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Census 2011, 2021 & Beyond

last person joined: 9 days ago 

The aim of the Census Transformation Programme is to make the best use of all available data in England and Wales to enhance the provision of population statistics. It will provide a predominately online census in 2021, it will seek to increase the use of administrative data to enhance population statistics, and it will form plans for the provision of population statistics after 2021.

The three major strands of concurrent work in the Census Transformation Programme are:
1. An online census
The programme will provide a predominantly online census of all households and communal establishments in England and Wales in 2021 with special care taken to support those who are unable to complete the census online. This will look at how we run the 2021 Census data collection operation and its coverage survey (including the address register, field force, online/paper data collection, public support and enumeration of communal establishments).
2. Administrative data
The programme will increase the use of administrative data and surveys in order to enhance the statistics from the 2021 Census and improve annual statistics between censuses. This will look at how we integrate census and administrative and survey data to provide and disseminate census outputs.
3. Plans beyond 2021
The programme will decide how we provide these statistics after the 2021 Census.

This community is for all posts relating to the census and the wider remit of the Census Transformation Programme.

1.  Method of Travel to work data

Most of you will have seen ONS' published method of Travel to Work table QS701. When we looked at it, we were puzzled that the apparent proportion of people working at home had fallen between 2001 and 2011  which wasn't what we would have expected.
ONS has just released a paper analysing Travel to Work data, which says that QS701 isn't completely compatible with KS015 from the 2001 Census in its treatment of people who work at home, but they have a released an additional table CT0015 which gives an alternative take on the data and is compatible with 2001 Census data.

However, CT0015 only has data at district level and I'm informed that ONS are not planning to release this table for smaller geographies. This would mean that we could obtain compatible data between 2001 and 2011 at district level, but 2011 district and small area figures wouldn't be compatible, OR we could have figures that are compatible beween districts and small areas at 2011, but which aren't comparable with 2001 data.

Surely this is unsatisfactory and reduces the usefulness of the data?

TIm Bounds
Tees Valley Unlimited

2.  RE:Method of Travel to work data

Hi Tim,

Apologies for time taken for response, but here it is now:

The data on travel to work are not directly comparable between 2001 and 2011, because of a change to how they were processed.

In 2001, if a respondent recorded that their Workplace Address was "at home", it was assumed that they did not travel for work, and they were also recorded as working at home in the Travel data.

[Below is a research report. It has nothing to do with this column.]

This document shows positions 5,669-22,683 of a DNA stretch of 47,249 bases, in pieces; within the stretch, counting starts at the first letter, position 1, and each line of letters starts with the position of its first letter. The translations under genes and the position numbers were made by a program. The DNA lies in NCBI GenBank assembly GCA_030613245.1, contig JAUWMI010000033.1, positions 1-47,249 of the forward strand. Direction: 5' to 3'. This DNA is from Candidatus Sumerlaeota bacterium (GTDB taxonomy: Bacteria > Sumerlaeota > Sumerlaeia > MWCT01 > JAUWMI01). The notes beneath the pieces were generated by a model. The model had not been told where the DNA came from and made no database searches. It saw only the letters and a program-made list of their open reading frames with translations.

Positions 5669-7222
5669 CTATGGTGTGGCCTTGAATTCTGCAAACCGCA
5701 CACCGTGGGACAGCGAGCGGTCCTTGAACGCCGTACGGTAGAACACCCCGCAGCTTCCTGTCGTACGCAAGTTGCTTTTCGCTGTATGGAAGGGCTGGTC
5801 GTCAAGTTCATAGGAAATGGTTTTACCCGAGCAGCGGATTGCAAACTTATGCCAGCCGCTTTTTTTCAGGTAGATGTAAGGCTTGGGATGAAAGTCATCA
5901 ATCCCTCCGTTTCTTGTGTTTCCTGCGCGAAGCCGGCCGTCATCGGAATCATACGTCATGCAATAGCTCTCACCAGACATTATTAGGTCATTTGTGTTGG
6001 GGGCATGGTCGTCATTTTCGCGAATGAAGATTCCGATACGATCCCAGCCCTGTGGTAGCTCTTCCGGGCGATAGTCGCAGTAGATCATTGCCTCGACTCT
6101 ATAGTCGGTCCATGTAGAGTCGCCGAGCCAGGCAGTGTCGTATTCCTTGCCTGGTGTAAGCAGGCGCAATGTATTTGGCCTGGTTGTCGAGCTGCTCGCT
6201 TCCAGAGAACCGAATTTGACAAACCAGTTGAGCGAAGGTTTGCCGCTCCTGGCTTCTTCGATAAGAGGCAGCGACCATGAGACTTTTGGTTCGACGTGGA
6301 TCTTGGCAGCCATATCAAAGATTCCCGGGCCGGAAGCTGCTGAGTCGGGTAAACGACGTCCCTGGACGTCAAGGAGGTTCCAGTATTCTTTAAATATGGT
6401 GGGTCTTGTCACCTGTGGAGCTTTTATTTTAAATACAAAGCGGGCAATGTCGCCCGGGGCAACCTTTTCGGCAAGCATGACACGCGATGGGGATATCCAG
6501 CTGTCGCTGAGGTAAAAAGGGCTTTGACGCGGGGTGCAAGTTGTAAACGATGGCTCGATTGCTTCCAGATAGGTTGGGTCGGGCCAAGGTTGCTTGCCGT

However, in 2011, this assumption has not been made. Therefore, any respondent who works at home, but also travels (e.g. a mobile hairdresser) is recorded as "Working at home" in data or Workplace (which has not yet been published) but as "Driving" (or whichever mode of travel they recorded) in the Travel data. This is more relevant to transport planners and other users.

As we are aware that some users will also want to compare these data with the 2001 Census, we published an additional table on 13th February, to present the 2011 data on the 2001 basis (so mobile hairdressers will count at working at home) at a Local Authority level. As these data are less accurate than those in the Quick Statistics table, we have no plans to produce this table at lower levels of geography as a standard product. However, those data could be commissioned, subject to Statistical Disclosure Control.

When we produce "flow data" outputs, respondents who have a method of travel to work but no destination (e.g. the mobile hairdressers) will not be included, as there is no flow that can be shown. These data will be on a comparable basis to outputs from the 2001 Census.




3.  RE:Method of Travel to work data


I'm still a little confused about the travel to work data. Let's suppose in Census 2011 someone indicates in Q41 that they work at or mainly from home but in Q40 gives a workplace address other than their home. In
2001  they would not be considered as travelling to work but in 2011 they would . But you have no way of knowing how they travel, when they do so,  because Q41 allows  for only one answer and they have selected the first (home) option. So are you assuming that the distribution of method  of travel for such persons follows that of those who don't work at or mainly from home and , if so, how do you justify that assumption?

Also, the assertion that Q41 in 2011 is "fully comparable" with the corresponding question in 2001 seems false.


4.  RE:Method of Travel to work data

I've just received a commissioned table of Travel to Work for wards and higher geographies in England and Wales produced on the same same basis as 2001. The table CT0045, is identical to CT0015 for districts and higher geographies. It can be found here: table CT0045 

Richard Cameron
Greater London Authority

5.  RE:Method of Travel to work data

Thank you Richard - very helpful

6.  RE:Method of Travel to work data

Percentage page added to the spreadsheet (easily done, but may save some work).